Among the many meanings of the phrase “going soft,” all of them, AFAIK, come with negative connotations.
Letting yourself go physically, getting out of shape, going easy on other people, withholding judgment on them, showing a little too much forgiveness in a given situation. In a harsh Type A environment, whether a corporate office or the gym, “going soft” is not a highly valued trait these days, if ever it was.
From a purely physical standpoint, an easy comparison of the old vs. new versions of what it means to be “in shape” are what once represented Tarzan in a retro movie vs. the reboot. As fit as Johnny Weissmuller might’ve been in the 1930s or 1940s, it looks nothing like today’s standards, with or without help from performance enhancements (or CGI).
But consider advantages of going soft. It makes space for experiences you hadn’t paid attention to while forever seeking the next win. It changes perspectives. It quiets the noise, calms the mind, stills the heart. It lets other things in. It is the artist’s way.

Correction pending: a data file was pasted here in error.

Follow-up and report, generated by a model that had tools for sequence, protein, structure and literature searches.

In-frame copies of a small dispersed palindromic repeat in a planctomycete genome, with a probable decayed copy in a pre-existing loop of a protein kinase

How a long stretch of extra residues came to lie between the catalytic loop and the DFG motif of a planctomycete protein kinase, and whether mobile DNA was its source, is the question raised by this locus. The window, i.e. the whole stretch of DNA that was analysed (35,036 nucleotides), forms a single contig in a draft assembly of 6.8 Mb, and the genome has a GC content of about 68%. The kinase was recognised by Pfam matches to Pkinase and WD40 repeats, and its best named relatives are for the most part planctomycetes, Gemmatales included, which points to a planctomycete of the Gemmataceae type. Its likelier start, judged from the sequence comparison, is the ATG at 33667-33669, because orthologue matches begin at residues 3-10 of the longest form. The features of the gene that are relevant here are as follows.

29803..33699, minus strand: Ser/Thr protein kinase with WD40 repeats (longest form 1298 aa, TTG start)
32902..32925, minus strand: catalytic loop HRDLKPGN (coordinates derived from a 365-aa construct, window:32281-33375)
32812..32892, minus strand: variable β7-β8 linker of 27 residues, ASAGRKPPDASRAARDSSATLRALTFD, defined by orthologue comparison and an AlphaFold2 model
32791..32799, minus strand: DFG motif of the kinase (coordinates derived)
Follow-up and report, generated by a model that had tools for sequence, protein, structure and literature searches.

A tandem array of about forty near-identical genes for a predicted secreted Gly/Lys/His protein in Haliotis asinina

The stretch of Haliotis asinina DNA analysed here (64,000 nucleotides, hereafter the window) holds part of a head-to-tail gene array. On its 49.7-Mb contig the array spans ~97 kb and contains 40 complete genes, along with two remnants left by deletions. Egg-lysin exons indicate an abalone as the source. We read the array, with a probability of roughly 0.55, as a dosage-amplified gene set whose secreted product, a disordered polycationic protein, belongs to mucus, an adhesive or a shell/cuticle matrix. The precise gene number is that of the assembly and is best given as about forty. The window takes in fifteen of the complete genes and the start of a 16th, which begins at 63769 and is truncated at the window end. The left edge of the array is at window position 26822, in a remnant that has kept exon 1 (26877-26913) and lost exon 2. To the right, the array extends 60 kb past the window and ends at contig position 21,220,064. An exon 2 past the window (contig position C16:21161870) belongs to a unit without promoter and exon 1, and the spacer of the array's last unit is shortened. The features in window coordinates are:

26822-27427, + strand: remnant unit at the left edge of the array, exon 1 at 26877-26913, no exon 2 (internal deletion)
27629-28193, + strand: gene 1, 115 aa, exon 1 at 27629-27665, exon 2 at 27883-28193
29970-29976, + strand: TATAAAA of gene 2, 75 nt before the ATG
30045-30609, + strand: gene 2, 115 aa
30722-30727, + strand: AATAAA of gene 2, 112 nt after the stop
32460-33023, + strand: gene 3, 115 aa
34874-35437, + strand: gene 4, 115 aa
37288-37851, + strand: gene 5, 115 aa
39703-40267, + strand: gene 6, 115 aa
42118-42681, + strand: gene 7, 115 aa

While this isn’t a deep insight or an obvious one, it bears repeating.
Some people “go soft” one day a week, for instance those who practice a form of sabbath, where Saturdays or Sundays are a day of rest. Others choose certain times of each day. Many people find some balance between working hard, playing hard, and resting hard (if there is such a thing), while others lean heavily in one direction or the other every single day.
Like me, some sway between two poles depending on circumstance and momentum. During the COVID closures, many of us have been forced into “soft times.”
It is easy to wonder what great works of art, presence of mind and rebellion will emerge from this, as one friend calls it, “great calming of 2020,” which may even lead to a great rebirth nobody ever saw coming at the pace we were going.